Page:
Two principal components (PCs) were able to explain 94.18% of the total trait variation and had an eigenvalue greater than one divided by the total number of PCs. This indicates that the two PCs can effectively describe the trait variations observed in the given set of images. Through analysis of the trait variations per component, it was observed that the first principal component was able explain 78.91% of total trait variations which is explained by the varying length to width ratio of the apical region and, consequently, the apex angle (Fig 1). The second principal component describes the 15.28% of the total variation describes the left to right leaning orientation of the apices (Fig 1).

Fig 1: Apex shape variations explained by the first two effective principal components; SD indicates standard deviation; *mean in solid black, -2 SD in blue, +2 SD in red.

Taking this into consideration, using the factor scores from the PCA, cluster analysis using unweighted pair group method with arithmetic means (UPGMA) and sequential, agglomerative, hierarchical and nested clustering parameters (SAHN) revealed in the evolution of variances across increasing number of classes that variance within clusters is <20% and any additional cluster will entail <10% decrease in the variance within clusters if the dendrogram is cut to produce three classes/clusters. Hence, three clusters were used to represent the kernel-in-shell apex shape descriptor states of pili (Fig 2).

Fig 2: Apex descriptor states represented by mean shape outlines of the three distinct clusters.

The visualized average EFDs per cluster represented three trait states that are all under the “straight” state of apex shape showing no significant curvatures of the designated apical region (Ash, 1999; Ellis, 2009); however, it can be observed that the apex angle across the three clusters were varying from 45° to 90° indicating that it is within the “acute” spectrum of apex angle (Simpson, 2010; Simpson, 2019). As prescribed by Bioversity International (2007), to accommodate the wide range of users of the descriptor lists, the identified three apex types are simplified further to narrowly acute (45° to 60°), acute (>60° to 75°) and widely acute (>75° to 90°) to represent the trait variations in pili kernerl-in-shell apices (Fig 2). These indicated that EFDs were able to objectively characterize the variations in the apical regions, both in shape and angle, given the appropriate segmentation rule. The bottleneck of the method lies in the subjectivity of identifying the reasonable number of clusters/classes that can thoroughly represent the trait variations without overcomplicating the method of characterizing plants using descriptor lists.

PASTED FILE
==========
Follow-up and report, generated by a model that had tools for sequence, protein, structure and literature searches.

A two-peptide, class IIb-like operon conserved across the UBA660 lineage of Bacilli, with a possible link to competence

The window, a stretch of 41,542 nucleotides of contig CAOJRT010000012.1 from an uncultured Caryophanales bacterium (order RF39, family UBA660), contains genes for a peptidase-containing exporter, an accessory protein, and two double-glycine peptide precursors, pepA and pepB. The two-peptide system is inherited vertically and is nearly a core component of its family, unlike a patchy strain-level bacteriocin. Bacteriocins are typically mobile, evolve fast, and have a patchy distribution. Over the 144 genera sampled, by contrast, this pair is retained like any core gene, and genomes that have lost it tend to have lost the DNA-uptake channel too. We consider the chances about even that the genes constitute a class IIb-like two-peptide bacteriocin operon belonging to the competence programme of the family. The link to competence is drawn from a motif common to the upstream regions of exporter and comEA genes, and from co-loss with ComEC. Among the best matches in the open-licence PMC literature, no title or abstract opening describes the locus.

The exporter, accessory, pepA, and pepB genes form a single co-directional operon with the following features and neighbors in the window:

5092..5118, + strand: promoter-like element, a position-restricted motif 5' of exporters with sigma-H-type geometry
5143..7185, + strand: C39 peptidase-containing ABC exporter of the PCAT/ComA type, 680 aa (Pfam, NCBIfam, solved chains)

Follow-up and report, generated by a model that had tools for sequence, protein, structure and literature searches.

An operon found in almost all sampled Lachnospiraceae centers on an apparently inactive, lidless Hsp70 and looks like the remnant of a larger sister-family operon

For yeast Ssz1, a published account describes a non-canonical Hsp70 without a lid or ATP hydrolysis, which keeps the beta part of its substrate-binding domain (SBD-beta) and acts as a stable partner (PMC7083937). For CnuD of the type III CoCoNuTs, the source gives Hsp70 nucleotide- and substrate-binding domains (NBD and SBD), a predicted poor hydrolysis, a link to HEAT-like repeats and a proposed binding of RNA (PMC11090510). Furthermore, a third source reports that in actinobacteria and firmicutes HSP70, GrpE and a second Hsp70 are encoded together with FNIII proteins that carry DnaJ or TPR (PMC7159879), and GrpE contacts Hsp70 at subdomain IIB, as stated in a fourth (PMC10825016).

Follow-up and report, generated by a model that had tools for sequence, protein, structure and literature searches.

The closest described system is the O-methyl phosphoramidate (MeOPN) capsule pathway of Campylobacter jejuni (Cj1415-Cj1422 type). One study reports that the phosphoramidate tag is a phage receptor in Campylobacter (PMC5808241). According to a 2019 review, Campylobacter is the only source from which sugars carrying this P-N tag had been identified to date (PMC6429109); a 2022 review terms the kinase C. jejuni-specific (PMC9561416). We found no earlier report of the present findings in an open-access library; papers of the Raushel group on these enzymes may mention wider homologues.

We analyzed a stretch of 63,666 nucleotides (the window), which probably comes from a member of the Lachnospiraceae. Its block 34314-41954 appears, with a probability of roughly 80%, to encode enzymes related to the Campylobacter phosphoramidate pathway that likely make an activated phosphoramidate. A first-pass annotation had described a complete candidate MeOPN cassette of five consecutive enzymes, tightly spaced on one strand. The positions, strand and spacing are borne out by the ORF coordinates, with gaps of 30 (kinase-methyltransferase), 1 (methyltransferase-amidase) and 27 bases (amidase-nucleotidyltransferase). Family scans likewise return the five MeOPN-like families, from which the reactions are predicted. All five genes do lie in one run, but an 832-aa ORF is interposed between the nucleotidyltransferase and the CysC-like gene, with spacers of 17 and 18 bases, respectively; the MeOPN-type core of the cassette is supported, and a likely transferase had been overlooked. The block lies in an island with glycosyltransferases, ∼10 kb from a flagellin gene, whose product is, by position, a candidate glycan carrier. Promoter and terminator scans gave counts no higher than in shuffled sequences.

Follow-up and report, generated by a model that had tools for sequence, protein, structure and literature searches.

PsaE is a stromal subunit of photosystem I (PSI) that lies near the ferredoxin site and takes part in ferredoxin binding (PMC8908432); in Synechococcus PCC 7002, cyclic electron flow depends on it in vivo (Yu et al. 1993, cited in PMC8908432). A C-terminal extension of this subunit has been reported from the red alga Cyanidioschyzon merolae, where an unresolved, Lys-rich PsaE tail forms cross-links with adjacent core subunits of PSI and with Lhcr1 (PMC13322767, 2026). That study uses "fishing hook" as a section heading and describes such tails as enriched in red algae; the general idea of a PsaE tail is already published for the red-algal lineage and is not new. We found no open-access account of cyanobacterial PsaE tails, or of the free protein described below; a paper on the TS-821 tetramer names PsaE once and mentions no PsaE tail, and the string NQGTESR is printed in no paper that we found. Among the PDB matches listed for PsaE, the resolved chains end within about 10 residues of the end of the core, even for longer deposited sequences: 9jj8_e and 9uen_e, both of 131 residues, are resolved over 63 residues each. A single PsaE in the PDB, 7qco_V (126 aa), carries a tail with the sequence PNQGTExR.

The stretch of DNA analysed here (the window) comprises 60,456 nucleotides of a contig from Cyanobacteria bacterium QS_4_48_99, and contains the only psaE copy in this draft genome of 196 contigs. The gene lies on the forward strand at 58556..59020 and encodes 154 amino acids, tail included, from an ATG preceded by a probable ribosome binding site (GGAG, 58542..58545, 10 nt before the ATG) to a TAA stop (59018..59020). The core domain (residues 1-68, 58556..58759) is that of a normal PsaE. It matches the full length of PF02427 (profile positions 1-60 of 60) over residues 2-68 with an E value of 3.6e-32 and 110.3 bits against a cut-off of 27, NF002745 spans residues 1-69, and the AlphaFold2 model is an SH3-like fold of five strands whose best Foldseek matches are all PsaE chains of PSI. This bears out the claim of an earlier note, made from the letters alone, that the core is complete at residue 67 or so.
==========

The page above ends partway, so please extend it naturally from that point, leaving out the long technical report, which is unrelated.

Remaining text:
Although pili kernel-in-shell apex type was used as a model, objective schemes in establish apex type and base type descriptor states can be applied to characterize two-dimensional closed-contour components of other plant organs of various plant species.
The authors would like to thank the National Plant Genetic Resources Laboratory (NPGRL), Institute of Plant Breeding, University of the Philippines Los Baños, and the Interantional Rice Research Institute (IRRI) for the support. 
Image blobs, that cover only the apical region (upper 25%) of the closed contours, were segmented and elliptic Fourier descriptors (EFDs) were derived. From the resulting EFDs, three apex type descriptor states- narrowly acute, acute and widely acute, were elucidated through PCA and cluster analysis; hence, elliptic Fourier analysis can characterize two-dimensional shape differences of various parts of plant organs, given a suitable segmentation protocol.